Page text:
The mystery associated with these surprises is neither compelling nor believable especially if you are familiar with publishing business or you have ever read “On Writing”, and there are glaring mistakes made by the director/screenplay writer Shin yeon-sik everywhere in the second half of the movie. I understand Sin-hyo is pretty ignorant about publishing and writing, so I can pass a silly scene where he accuses his publisher of meddling with his writings, but I find it pretty implausible that he can give lectures on his works even though he does not read any single published word of his – and he seems to have no interest in reading his published works until he comes to be reminded of something strange. Seriously, how can that be possible?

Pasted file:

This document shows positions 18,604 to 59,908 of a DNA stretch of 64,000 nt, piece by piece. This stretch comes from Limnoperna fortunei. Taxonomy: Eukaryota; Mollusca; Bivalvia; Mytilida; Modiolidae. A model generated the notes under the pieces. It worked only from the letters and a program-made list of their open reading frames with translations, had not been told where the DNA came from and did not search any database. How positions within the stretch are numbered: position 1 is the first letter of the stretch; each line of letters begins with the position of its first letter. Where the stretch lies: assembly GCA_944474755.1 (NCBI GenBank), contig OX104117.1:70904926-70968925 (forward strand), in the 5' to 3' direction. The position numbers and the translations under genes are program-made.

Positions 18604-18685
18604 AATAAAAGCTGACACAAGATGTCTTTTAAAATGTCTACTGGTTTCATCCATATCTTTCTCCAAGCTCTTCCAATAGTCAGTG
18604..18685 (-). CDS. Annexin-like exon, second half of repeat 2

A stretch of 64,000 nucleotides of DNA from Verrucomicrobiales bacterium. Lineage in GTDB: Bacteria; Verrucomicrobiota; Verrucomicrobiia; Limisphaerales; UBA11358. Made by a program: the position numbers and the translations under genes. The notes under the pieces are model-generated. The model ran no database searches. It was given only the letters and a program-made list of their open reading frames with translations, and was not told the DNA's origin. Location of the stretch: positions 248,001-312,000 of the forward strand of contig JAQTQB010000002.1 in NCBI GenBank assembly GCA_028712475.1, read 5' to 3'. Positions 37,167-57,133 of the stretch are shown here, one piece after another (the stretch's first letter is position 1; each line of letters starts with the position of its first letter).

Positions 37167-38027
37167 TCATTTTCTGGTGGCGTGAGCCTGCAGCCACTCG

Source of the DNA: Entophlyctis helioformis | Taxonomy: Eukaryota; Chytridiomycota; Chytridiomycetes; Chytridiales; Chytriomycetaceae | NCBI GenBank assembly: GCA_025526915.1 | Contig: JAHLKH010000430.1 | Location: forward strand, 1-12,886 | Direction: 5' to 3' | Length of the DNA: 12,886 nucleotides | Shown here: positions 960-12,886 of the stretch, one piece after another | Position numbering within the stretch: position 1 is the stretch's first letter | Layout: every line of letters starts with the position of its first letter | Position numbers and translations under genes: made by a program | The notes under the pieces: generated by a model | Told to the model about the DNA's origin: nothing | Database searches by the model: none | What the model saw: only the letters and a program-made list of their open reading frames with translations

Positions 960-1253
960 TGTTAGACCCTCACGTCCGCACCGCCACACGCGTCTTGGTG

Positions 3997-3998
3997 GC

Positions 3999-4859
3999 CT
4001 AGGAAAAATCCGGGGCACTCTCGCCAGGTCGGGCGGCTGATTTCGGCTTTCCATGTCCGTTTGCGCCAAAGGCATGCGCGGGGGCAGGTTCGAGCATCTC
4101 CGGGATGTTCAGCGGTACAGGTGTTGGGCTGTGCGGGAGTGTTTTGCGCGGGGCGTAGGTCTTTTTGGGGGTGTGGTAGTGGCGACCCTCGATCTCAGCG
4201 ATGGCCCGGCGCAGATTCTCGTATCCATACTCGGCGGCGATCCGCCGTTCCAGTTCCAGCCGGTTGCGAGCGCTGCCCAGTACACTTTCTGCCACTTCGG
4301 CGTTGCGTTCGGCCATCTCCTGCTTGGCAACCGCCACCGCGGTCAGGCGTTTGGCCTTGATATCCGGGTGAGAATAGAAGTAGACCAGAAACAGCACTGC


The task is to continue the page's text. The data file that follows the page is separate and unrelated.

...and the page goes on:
Because of these flaws, the second half of the movie, which focuses on the identity of a guy who corrected and modified Sin-hyo’s works while he was in the hospital, feels like a long, dragging epilogue rather than an equal part complementing the first half. Whoever did that job secretly, he(or she) did Sin-hyo a big favor because Sin-hyo is now regarded as one of the most revered writers in South Korea, so there is not much to complain or angry about, isn’t it?
Despite my dissatisfaction with this part, I enjoyed its first part with lots of amusement, and that is enough for me to give this flawed but fascinating film 3 stars instead of 2.5 stars. The director Shin Yeon-sik gives us a solid film supported by the good performances from his cast as well as two good contrasting moods in the movie, and its long running time(140-minutes) is less burdensome than expected, and the movie feels like reading a nice big book during one uneventful afternoon. But still, I think he could have done more proofreading while writing his screenplay.